WHAT YOU NEED TO KNOW ABOUT NUTRITION FOR RUNNERS by Belinda Reynolds
posted on 19/12/2015 3:42:00 AM
As seasoned MMH readers already know, exercise, such as running, is incredibly beneficial to overall health. Nonetheless, training at high intensities can place greater nutritional demands on the body. If you wish to achieve the best results from a well designed training program, fuelling your body to maximise energy metabolism, recovery, and overall health is paramount.
A diet rich in a variety of plant foods providing healthy carbohydrates, fibre, vitamins, minerals and phytonutrients is a great place to start. Ensure that this includes foods rich in natural fats such as nuts (e.g. almonds, walnuts), avocado, plus virgin coconut and olive oils.
Carbohydrates in these plant foods provide an easily accessible source of energy for body (e.g. muscle) cells. Furthermore, the nutrient-dense nature of a diet rich in these ensures you are taking in the substances required for conversion of carbohydrates to usable energy (i.e. ATP), for the control of inflammation, support for muscle recovery and also joint health.
Plant foods (e.g. vegetables, fruit, wholegrains, nuts and seeds) also provide beneficial fibre that support digestive health and feed the beneficial bacteria that reside in your gut. These bacteria help to protect the body against training-induced inflammation and immune suppression, and thus facilitate healthy recovery. In the 24 hours leading up to a big event, however, it is recommended to minimise fibre intake so as to reduce the risk of intestinal upset during a race.
Protein sources are also essential as they provide the building blocks necessary for muscle recovery and growth. Furthermore, the amino acids provided by protein can augment functions including the buffering of hydrogen ions in muscle cells (this can slow the time to fatigue) and circulation of blood to working muscles.
Essential branched chain amino acids (BCAAs) are particularly useful for muscle healing and fuelling the muscles (via enhanced energy metabolism). Their consumption before and after training (and on a daily basis) is shown to reduce markers of muscle damage, reduce DOMS, improve performance, enhance recovery, and increase strength exercise capacity.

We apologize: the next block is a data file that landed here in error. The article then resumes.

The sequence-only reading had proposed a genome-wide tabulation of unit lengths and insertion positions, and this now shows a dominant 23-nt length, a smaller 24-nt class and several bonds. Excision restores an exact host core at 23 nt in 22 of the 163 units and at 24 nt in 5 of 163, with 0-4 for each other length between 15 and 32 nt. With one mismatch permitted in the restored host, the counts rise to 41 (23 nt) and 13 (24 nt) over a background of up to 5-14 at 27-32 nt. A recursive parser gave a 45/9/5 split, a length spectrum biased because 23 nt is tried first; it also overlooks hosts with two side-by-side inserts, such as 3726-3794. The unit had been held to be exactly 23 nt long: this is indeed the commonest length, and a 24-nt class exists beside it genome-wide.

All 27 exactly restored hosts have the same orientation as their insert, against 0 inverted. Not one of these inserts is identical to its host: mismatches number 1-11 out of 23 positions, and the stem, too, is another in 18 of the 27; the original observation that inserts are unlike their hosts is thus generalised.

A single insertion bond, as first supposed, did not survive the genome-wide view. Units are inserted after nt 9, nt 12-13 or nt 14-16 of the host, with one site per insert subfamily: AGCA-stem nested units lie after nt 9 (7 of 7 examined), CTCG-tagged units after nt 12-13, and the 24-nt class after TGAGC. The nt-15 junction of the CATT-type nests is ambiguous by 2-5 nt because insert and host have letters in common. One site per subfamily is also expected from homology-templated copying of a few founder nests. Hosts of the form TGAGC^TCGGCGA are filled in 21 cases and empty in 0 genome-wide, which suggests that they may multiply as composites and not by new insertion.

BCAAs naturally occur in a range of protein-containing foods including red meat, chicken, fish, eggs, certain nuts (e.g. peanuts and almonds), pure whey protein, lentils and specific beans (e.g. soy beans). In order to achieve therapeutic doses, BCAAs can also be taken as a supplement.
Throughout long training sessions (i.e. those lasting longer than 1 hour), or endurance events, regular ingestion of carbohydrates, amino acids, water and electrolytes are shown to be beneficial. During these periods it is important to look for supplement options that are easily digested and absorbed in order to achieve benefit and reduce the risk of intestinal upset which can hinder your performance.
General recommendations are to consume 600-800ml of fluid every hour, with 30-60g of glucose and also electrolytes (the AIS recommends drinking a solution that is 10-20mmol/L sodium). However, it is important to recognise that everyone is different, and the best thing you can do is trial different approaches during your training to identify what is best for you.
Recent research suggests that sticking to drinking when you’re thirsty is effective in preventing dehydration (so don’t feel the need to chug down more water than you feel like simply because the general recommendations say so). However, in particularly hot environments the evidence does support conscious hydration before and during an event to maximise performance, yet once again the fluid intake required should be calculated on an individual basis. Take into account factors such as how much you sweat, the ambient temperature/humidity of the training/event location, the length of training/event, your body composition goals, gastric tolerance, level of fitness and event type.